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Rising debt, unemployment mar tourism in Valley as lockdown continues

Article 370 Abrogation: On the first anniversary of the abrogation of 370, Ground Report looks at the year gone by in Kashmir.

By Ground report
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1 Year of article 370 Abrogation in kashmir

As we approach the first anniversary of the Abrogation of Article 370 and the bifurcation of Jammu and Kashmir from Leh and Ladakh, Ground Report brings exclusive stories from the fringes on the year that has passed.

Wahid Bhat | Srinagar

Nearly a year ago, Prime Minister Narendra Modi-led government abrogated the controversial Article 370, and 35A while invoking a lockdown on the newly formed union territory, which continues to date as coronavirus pandemic rages. One of the worst-hit sectors since the abrogation has been tourism, which saw a dip even before the ordinance to bifurcate the state was passed in Parliament.

On the first anniversary of the abrogation of 370, Ground Report looks at the year gone by in Kashmir.

In 2019, the number of tourists visiting the region dropped to a 10-year low. Tourism used to contributes 8 percent to the state’s Gross Domestic Product (GDP). Official figures from the tourism department state that the region saw a decline of almost 60 percent in the number of tourists when compared with 2018 figures, with only 4,99,584 tourists visiting the newly created Union Territory in 2019.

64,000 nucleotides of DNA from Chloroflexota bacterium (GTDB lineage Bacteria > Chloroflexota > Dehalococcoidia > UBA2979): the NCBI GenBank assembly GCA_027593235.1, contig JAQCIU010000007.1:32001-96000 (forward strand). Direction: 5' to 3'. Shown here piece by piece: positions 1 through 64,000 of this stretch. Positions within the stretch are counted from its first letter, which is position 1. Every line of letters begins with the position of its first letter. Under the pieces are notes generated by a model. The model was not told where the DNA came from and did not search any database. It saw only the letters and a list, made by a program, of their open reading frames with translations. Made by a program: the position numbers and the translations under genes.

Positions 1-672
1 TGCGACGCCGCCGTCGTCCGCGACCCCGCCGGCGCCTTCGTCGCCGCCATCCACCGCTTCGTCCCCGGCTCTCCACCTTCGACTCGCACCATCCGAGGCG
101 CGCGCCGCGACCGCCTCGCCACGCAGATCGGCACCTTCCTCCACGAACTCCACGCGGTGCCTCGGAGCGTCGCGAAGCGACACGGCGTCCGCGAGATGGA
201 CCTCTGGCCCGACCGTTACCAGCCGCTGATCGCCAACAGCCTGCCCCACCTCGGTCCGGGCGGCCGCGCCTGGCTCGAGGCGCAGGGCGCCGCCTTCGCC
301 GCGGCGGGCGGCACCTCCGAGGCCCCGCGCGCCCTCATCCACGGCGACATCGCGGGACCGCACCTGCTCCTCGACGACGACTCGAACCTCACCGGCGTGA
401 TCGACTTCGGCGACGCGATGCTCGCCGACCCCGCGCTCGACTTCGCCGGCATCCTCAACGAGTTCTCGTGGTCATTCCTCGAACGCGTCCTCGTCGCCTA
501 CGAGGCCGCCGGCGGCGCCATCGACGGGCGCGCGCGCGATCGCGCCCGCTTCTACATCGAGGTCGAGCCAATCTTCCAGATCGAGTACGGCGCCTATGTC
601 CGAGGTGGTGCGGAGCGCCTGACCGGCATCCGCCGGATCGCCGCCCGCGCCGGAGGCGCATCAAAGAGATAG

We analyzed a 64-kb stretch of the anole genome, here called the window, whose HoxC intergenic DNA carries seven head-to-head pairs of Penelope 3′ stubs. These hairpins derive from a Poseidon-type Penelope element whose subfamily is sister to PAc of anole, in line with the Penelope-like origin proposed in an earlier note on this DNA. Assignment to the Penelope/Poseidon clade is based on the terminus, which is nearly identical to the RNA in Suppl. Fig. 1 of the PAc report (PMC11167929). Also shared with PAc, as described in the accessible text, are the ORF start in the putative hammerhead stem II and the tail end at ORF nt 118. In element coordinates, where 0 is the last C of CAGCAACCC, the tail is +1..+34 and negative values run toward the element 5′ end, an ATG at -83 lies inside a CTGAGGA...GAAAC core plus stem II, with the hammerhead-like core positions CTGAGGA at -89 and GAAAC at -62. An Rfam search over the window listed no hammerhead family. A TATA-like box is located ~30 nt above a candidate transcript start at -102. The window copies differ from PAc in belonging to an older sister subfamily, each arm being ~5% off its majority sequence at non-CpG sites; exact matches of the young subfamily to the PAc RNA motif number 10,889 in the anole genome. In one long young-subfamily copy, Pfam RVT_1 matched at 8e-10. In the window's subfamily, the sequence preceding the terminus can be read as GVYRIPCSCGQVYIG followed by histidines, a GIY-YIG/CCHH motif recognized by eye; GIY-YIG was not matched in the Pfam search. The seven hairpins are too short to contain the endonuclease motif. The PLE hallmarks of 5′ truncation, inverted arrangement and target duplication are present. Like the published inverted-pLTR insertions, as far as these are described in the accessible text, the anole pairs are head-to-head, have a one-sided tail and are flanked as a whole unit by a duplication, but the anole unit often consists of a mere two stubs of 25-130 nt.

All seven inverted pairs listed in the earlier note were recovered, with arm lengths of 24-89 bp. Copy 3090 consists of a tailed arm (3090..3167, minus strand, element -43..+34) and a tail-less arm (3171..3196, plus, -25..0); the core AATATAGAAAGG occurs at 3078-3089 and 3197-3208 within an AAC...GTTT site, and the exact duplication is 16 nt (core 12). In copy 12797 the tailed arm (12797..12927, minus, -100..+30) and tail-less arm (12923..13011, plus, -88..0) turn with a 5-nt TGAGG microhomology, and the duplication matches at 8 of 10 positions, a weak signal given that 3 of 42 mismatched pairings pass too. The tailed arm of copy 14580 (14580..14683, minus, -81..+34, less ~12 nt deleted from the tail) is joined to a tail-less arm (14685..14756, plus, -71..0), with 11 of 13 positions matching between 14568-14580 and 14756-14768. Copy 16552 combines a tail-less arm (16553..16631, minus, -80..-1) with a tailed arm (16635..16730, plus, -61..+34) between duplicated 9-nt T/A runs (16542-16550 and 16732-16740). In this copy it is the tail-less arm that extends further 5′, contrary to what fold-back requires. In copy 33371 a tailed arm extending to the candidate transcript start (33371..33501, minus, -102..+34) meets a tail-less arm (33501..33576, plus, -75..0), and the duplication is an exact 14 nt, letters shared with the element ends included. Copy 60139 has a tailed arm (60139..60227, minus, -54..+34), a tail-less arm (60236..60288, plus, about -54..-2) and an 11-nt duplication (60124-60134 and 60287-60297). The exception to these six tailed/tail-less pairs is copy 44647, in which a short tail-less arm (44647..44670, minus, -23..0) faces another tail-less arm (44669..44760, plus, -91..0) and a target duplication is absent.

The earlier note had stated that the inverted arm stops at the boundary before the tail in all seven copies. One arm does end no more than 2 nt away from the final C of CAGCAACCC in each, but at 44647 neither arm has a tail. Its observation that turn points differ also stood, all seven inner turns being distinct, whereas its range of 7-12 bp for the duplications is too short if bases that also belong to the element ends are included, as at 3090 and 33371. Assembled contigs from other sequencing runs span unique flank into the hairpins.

The tourism industry came to a standstill post on August 5, 2019, as the state was cut off and tourists were asked to leave as soon as possible. While the government initially said that the order for cancellation of Amarnath and Vaishno Mata Mandir pilgrimage was on inputs of an imminent terror attack, things started getting clear from the night of August 4 as the internet connectivity was stripped and the then state was placed under official lockdown.

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According to reports from the Jammu and Kashmir Tourism Department between December 2019 and February 2020 tourism in the UT not only slowed down but completely froze. The cascading effect was visible on hoteliers, transporters, shikarawalas, shopkeepers, ponywalas, tourist guides, who are economically shattered and rendered jobless.

In the last one year hotels, restaurants, boats, and bazaars witnessed no buzzing activity, movement of people, and business.

Drowning businesses, rising unemployment

Drowning businesses, rising unemployment in Kashmir